Friday, May 19, 2006

S.M.A.R.T. Goals, or Some Things I'm Learning from My Yoga Book

OK, let's get something out in the open. I have arthritis. I have had arthritis since the day I was born, literally. I use a power chair most of the time because I am in bad shape physically. I am doing yoga.

For a while I was almost apologizing to people because when they found out (usually because my very proud husband told them) they would look at me with a mixture of sadness (poor thing, she thinks she can do something like yoga), incredulousness (how dare she even undertake to try something so strenuous or can she even do any of those poses close to correct?), and something very close to anger or at the very least upset-ness (why should she even attempt anything like yoga when I won't!?).

Seeing their expressions and hearing their sometimes confused and oh-so-polite questions afterwards made me more than just a little self-conscious and uncomfortable. This would encourage me to apologize for doing the yoga by saying, "I have to modify some of the poses, but, yes, I am doing yoga." It wasn't until recently I realized I was apologizing at all. That I must modify some of the poses should be a given. That I have to modify them is a necessity, but this does not mean I am not doing yoga.

Since realizing this I sat down and re-read my yoga book and more things clicked than they had before in the first reading. One of those things was just how I had set myself up to fail in my weight-loss attempts before by either being too rigid and unbending in the goal setting as well as being too vague on what I wanted to accomplish: to lose weight and not gain it back.

"SMART goals are Specific, Measurable, Attainable, Realistic, and Time-framed." (Yoga for Weight-Loss: the 4-Week Slimming Plan, Celia Hawe, Barnes & Noble publishers, p. 34) I had to read and re-read this a couple of times before it really fell into place for me, especially after reading an example of the un-SMART goal setting she listed:
My Yoga for Weight-Loss goal is to
lose 10 lbs.
I will have achieved this by
2 weeks from now
I know I will have achieved it because I will
weigh in on my bathroom scales 10lbs lighter
and feel

This is a very familiar way of setting goals for my weight-loss and one the author, Celia Hawe, is also familiar with. I had to really think about why this was not a SMART goal. It fits into the categories of specific and attainable, as she points out, but it isn't realistically attainable because other factors we cannot foresee weigh in - what if it is time for the monthly or what if it was a very stressful week or few days in the time frame? This makes it far more difficult to lose weight and you retain water. Even though it has a time-frame for the completion of the goal, it isn't SMART, which means all factors need to be in place.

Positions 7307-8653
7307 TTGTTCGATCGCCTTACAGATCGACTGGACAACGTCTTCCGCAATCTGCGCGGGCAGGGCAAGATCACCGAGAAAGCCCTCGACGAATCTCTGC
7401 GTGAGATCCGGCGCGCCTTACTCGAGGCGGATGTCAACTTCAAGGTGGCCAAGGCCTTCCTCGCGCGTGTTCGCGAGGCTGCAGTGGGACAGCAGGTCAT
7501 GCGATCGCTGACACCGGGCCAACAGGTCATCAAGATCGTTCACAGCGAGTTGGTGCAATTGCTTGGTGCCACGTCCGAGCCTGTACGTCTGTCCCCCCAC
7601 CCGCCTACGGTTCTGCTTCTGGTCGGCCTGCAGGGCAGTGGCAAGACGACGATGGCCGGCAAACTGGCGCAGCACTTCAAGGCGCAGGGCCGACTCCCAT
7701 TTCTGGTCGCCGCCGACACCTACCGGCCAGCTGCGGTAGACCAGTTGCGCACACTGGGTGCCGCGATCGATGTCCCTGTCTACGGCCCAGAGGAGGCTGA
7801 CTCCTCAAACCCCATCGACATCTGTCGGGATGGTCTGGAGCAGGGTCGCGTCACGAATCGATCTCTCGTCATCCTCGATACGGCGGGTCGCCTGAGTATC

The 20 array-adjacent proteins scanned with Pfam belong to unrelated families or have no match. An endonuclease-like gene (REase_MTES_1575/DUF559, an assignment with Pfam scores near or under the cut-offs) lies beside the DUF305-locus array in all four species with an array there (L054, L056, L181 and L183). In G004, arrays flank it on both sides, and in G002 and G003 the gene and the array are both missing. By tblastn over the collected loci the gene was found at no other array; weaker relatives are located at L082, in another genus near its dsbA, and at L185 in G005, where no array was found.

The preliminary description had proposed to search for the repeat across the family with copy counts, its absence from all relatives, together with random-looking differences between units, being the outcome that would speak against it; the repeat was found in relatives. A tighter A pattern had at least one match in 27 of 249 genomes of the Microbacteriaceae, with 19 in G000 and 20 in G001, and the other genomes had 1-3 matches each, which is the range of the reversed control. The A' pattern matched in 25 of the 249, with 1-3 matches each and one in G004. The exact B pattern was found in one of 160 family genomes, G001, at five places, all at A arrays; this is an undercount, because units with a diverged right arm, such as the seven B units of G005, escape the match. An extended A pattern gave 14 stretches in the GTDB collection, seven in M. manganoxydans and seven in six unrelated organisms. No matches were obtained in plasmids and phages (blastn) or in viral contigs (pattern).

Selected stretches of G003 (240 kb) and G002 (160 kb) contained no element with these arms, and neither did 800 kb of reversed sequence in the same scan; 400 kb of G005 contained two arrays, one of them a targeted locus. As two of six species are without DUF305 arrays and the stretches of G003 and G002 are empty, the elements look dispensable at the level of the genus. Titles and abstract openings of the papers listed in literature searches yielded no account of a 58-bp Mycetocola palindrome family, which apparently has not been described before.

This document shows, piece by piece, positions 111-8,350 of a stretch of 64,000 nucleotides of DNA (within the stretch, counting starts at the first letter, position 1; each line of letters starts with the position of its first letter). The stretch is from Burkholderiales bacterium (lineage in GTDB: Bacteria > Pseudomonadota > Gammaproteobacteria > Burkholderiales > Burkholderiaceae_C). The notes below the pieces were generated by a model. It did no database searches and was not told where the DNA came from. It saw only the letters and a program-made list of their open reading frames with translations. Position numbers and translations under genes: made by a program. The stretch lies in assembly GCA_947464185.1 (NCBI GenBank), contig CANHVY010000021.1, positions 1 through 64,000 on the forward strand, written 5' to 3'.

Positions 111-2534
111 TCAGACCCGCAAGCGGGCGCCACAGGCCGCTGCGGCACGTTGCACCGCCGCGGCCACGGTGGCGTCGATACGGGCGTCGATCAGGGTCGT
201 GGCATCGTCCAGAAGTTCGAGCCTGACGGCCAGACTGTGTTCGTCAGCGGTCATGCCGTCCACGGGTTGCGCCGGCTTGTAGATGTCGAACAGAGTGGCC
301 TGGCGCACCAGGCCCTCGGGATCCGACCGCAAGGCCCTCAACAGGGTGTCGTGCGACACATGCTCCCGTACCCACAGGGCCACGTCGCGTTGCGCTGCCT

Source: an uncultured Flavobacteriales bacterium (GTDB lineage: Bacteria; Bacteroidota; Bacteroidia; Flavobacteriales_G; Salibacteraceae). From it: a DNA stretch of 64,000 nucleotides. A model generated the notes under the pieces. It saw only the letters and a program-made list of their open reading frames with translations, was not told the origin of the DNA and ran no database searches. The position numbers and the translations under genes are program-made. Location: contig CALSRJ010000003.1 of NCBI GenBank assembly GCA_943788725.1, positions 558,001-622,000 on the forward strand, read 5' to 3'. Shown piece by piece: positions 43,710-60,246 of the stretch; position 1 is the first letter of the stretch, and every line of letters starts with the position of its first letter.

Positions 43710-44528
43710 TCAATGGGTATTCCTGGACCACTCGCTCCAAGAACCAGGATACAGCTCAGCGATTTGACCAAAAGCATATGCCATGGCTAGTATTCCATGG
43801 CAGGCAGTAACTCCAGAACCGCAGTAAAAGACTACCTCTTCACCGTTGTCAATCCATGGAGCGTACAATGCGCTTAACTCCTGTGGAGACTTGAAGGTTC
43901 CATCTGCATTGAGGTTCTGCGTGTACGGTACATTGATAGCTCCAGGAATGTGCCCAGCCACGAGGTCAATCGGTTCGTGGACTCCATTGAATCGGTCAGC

Now I have begun setting myself Specific, Measurable, Attainable, Realistic and Time-framed goals, just not far into the distant future. I am not going to lose weight or get into better shape by doing the yoga in the future, it is done by doing it one day at a time, and this is how I am setting my goals: one day at a time. So far it is working, even though I am having to almost constantly with the impatient part of myself that wants to have an out-lined plan of what I'm going to do and when I am going to do it.

Each day comes with goals, not a to-do list of all of the things I need to accomplish. I have a to-do list, how can you get by without one? But, I look at everything before me and distinguish between what goals I need to set for my own personal self and not as a part of a to-do list that I can have a better chance of letting go or telling myself I can catch up on that tomorrow, or the next day, or next week.

For example, a couple of my goals for today included doing my yoga routine and take my morning meds. This was on my goal list which was totally separate from all of the other things that make up tasks for a day. In setting goals and tasks each day has begun to move along more smoothly and I am accomplishing things for myself and not just the household, B, or writing. In accomplishing things for myself my confidence is growing and I am seeing a positive change in my attitude at times (of course I can't see it all the time because I am not perfect and do not change as quickly as I would like to); my body is changing to the positive and is looking better, and although it will take a while to get to the body I want, I am more confident I will achieve it, and if I don't I know I am going to feel better.

Another interesting thing Celia Hawe says in her book is, "...many diet program advocate sticking up a photograph of someone whose body you wish yours could look like, in a place where it might prove a timely reminder, such as the fridge door. But you are not Julia Roberts or Kate Moss, and never can be." (Ibid p.33) This released me in so many ways from feeling like I had to be a certain way. It gave me room to be me. I needed that. I needed the space to be myself, to discover my own body and shape and size and feel more like I was on an adventure than the horrific I'm-on-a-diet-and-exercise-plan-to-lose-weight mentality.

I like SMART goals, and this book. It is helping me change, mentally and emotionally, what needs to be changed in order to progress, not just get caught in the yo-yo weight loss I've done forever in the past. In short, I am encouraged to the core of my being, and I like that. I've needed this encouragement for a very long time, and even though B has tried to instill it in me, I had to discover this for myself. Never fear though, he did help: he got me to buy the book!

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